TURKEY, EUROPE

Lake Eğirdir

Lake Eğirdir is a wetland of international importance due to its distinctions as a drinking water reservoir, a nature reserve and an important bird area. It is the second largest freshwater lake in Turkey with an area of approximately 482 km². The lake's ecosystem is characterized by its biological diversity, providing a habitat for various species of fish, including carp, perch and eel. The surrounding wetlands and marshes add to the overall richness, providing a haven for numerous species of birds. Flanked by mountains and surrounded by fertile land, Lake Eğirdir is a natural sanctuary and a source of livelihood for local communities engaged in fishing and agriculture.

What makes it special

Lake Eğirdir is also known as the "Seven Colored Lake" due to its daily and seasonal variations in color.

Protection status

· Important Bird Area

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Biodiversity

Lake Eğirdir has been given the status of an Important Bird Area due to the large number of different bird species such as Pygmy Cormorant, Red-crested Pochard, Common Pochard, Tufted Duck and Eurasian Coot that spend the winter at the lake. The reed cat and the Eurasian otter are other important species in the area. The area, which has “Important Plant Area” status, contains 127 taxa endemic to Turkey and 27 endangered taxa

Local Communities

Lake Eğirdir has historical and cultural significance, with traces of ancient civilizations found in the nearby towns and archaeological sites. The town of Eğirdir itself boasts a historic castle on a peninsula jutting out into the lake, offering panoramic views of the surrounding area. The lake and its surroundings provide a tranquil setting that reflects the interplay between nature and human.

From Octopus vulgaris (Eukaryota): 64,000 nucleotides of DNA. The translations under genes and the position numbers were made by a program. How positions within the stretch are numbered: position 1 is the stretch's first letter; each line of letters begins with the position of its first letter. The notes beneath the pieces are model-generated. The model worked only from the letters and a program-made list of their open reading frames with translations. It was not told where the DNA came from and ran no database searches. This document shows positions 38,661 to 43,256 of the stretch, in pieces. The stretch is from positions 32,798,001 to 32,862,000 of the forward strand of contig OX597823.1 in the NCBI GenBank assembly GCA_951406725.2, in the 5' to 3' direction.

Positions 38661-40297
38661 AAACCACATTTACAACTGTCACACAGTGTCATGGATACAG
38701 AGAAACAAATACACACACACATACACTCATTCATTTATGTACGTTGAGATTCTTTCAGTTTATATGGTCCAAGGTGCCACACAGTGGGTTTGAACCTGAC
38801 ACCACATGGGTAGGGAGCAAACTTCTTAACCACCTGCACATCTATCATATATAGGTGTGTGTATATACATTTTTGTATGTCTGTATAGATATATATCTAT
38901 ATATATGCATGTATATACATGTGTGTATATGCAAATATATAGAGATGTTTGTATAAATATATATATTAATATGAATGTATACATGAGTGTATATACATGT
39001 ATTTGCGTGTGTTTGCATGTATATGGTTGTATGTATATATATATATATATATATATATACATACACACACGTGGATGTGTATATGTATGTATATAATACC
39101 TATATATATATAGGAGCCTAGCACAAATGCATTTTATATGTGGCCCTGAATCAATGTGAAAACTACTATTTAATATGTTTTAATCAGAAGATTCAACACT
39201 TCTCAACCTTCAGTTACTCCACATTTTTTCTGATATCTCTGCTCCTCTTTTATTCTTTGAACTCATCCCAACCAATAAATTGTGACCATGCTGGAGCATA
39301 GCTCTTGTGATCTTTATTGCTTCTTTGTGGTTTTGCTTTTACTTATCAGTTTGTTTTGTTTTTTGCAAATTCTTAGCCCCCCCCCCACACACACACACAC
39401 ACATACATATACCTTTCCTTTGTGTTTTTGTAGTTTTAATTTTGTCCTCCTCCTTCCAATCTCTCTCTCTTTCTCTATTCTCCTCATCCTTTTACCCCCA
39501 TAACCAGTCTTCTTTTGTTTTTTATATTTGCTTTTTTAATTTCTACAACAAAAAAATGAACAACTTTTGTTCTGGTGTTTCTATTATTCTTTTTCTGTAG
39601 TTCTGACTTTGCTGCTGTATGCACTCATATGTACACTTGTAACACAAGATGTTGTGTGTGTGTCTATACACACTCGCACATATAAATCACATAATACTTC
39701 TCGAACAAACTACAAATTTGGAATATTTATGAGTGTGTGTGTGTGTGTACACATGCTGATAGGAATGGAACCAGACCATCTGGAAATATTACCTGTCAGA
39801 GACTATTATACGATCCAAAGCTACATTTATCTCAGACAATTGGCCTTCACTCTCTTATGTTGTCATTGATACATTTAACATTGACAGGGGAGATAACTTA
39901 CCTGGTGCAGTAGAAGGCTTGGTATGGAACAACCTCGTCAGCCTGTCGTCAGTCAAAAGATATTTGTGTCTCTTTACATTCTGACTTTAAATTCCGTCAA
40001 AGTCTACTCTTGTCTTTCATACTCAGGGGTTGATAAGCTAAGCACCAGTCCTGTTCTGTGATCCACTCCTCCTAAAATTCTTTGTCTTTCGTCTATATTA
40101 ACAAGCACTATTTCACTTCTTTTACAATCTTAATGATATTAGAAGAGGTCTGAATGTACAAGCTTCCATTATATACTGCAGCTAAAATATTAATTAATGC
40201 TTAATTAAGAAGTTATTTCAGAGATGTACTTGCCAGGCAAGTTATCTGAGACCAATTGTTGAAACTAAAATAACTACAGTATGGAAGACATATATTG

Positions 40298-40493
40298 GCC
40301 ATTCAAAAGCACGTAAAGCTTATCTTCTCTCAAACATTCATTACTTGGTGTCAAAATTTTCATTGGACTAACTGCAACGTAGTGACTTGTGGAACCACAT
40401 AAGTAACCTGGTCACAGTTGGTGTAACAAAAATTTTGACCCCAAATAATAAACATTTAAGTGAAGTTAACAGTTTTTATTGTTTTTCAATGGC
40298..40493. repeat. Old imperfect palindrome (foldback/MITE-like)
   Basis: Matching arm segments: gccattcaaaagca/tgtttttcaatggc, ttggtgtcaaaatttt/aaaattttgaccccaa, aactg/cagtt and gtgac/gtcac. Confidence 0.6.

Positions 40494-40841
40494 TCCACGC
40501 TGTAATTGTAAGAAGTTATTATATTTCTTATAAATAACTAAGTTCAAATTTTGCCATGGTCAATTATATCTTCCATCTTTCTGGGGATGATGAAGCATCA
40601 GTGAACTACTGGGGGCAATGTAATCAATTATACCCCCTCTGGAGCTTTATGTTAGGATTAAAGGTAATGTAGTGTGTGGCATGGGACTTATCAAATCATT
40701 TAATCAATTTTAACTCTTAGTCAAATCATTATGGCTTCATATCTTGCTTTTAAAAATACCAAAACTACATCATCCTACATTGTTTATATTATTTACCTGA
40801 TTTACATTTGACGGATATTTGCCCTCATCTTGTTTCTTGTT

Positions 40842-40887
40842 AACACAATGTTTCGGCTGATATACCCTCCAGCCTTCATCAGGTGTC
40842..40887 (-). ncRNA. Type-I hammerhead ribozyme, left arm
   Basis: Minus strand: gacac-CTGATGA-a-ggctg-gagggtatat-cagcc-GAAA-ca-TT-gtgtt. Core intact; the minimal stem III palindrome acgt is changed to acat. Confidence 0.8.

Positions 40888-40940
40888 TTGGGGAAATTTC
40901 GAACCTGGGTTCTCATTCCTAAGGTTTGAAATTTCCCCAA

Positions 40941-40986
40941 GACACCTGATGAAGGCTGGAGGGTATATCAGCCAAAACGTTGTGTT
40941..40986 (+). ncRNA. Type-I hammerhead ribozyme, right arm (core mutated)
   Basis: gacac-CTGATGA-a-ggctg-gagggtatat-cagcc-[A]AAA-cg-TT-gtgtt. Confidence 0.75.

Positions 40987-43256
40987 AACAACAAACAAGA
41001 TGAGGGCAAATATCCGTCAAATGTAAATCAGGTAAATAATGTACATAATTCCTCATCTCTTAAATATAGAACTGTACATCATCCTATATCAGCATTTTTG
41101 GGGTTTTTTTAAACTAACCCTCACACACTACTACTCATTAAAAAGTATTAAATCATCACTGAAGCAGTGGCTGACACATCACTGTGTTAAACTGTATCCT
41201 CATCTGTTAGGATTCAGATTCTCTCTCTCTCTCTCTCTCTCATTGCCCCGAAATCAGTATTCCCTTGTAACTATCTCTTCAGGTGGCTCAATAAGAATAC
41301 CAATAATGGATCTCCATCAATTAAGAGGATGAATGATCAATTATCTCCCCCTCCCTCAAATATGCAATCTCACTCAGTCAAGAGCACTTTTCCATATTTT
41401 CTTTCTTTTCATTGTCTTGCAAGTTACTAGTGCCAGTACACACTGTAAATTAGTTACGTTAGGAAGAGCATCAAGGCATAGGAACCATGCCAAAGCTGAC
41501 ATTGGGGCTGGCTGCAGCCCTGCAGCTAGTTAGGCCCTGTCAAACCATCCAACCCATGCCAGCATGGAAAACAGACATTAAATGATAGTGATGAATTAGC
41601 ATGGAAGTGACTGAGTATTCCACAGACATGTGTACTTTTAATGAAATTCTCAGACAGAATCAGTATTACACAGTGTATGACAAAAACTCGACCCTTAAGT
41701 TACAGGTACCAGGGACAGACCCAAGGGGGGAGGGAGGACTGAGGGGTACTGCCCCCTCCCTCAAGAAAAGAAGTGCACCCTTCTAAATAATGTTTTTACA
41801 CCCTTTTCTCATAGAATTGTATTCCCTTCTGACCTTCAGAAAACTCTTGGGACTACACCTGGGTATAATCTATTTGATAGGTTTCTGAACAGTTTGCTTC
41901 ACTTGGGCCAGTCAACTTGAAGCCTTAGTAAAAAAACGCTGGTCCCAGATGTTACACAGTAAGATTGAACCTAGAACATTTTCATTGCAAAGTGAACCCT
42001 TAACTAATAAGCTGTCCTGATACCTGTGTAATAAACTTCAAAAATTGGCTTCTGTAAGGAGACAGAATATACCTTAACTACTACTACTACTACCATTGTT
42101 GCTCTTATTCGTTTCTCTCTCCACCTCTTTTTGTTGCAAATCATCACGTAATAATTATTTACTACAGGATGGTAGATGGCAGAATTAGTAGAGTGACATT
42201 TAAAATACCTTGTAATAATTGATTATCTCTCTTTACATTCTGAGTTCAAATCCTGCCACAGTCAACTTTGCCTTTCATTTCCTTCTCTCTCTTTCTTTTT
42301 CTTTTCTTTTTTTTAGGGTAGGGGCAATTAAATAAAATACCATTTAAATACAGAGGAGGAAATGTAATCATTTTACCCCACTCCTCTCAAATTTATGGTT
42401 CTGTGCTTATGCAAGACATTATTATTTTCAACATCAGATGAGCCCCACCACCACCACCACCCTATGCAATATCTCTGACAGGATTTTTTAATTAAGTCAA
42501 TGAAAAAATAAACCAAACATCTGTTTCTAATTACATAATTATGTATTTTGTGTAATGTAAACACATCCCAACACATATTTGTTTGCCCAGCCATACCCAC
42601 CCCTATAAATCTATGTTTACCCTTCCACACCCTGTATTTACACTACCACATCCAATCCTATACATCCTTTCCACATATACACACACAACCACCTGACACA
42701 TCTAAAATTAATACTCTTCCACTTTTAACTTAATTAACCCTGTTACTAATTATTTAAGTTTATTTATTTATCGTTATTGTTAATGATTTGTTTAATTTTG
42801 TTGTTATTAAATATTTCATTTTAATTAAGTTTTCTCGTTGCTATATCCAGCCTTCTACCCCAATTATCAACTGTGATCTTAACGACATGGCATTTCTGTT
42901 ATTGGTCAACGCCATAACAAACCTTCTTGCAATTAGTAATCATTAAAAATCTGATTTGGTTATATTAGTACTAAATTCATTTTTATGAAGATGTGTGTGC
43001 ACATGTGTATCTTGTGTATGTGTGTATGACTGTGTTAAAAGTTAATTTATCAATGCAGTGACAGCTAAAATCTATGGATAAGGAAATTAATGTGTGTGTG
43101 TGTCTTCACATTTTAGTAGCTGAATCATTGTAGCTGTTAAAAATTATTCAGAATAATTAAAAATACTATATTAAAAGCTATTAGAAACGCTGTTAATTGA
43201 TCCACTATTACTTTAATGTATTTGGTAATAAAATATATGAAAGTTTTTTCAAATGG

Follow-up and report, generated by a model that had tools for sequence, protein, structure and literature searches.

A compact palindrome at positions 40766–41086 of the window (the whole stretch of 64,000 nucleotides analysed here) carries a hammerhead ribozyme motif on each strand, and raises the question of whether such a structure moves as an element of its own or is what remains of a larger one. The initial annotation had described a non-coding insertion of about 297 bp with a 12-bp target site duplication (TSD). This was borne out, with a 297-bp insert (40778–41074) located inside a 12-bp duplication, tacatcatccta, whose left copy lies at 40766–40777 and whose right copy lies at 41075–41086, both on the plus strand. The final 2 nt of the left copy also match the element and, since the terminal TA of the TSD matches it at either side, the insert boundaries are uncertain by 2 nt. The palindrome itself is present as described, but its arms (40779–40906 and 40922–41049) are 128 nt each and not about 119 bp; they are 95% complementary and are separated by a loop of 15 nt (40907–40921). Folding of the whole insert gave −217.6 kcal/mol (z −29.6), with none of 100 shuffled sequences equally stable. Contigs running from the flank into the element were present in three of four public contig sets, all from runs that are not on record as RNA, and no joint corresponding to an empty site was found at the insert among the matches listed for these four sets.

Threats

A change in water quality indicators has been observed, addressing pollution caused by agricultural, domestic and industrial use. According to recent scientific studies, there has been an increase in biomass (a sign of eutrophication) and a decrease in plankton and fish stocks.

Concentrations of heavy metals have also increased. Agricultural pollution and a serious threat to the lake. In particular, the use of unnecessary pesticides and artificial fertilisers. These are often applied at the wrong time and in the wrong amounts.

Our Work

The Nature Research Society is dedicated to the preservation, enhancement and conservation of Turkey’s wildlife and habitats. To fulfil this mission, the Society conducts research and monitoring and shares findings with the public. It also plays an important role in raising awareness of conservation issues through public opinion surveys, educational initiatives and capacity building activities. The Society takes a proactive approach by preparing action plans for priority species and developing management plans for key habitats, actively contributing to and supporting these processes. In addition, the Society is committed to supporting the development of national conservation policies, strengthening legal frameworks and monitoring conservation practices at the national level.

EU Lifeweb

Co-funded by the European Union. Views and opinions expressed are however those of the author(s) only and do not necessarily reflect those of the European Union or CINEA. Neither the European Union nor the granting authority can be held responsible for them.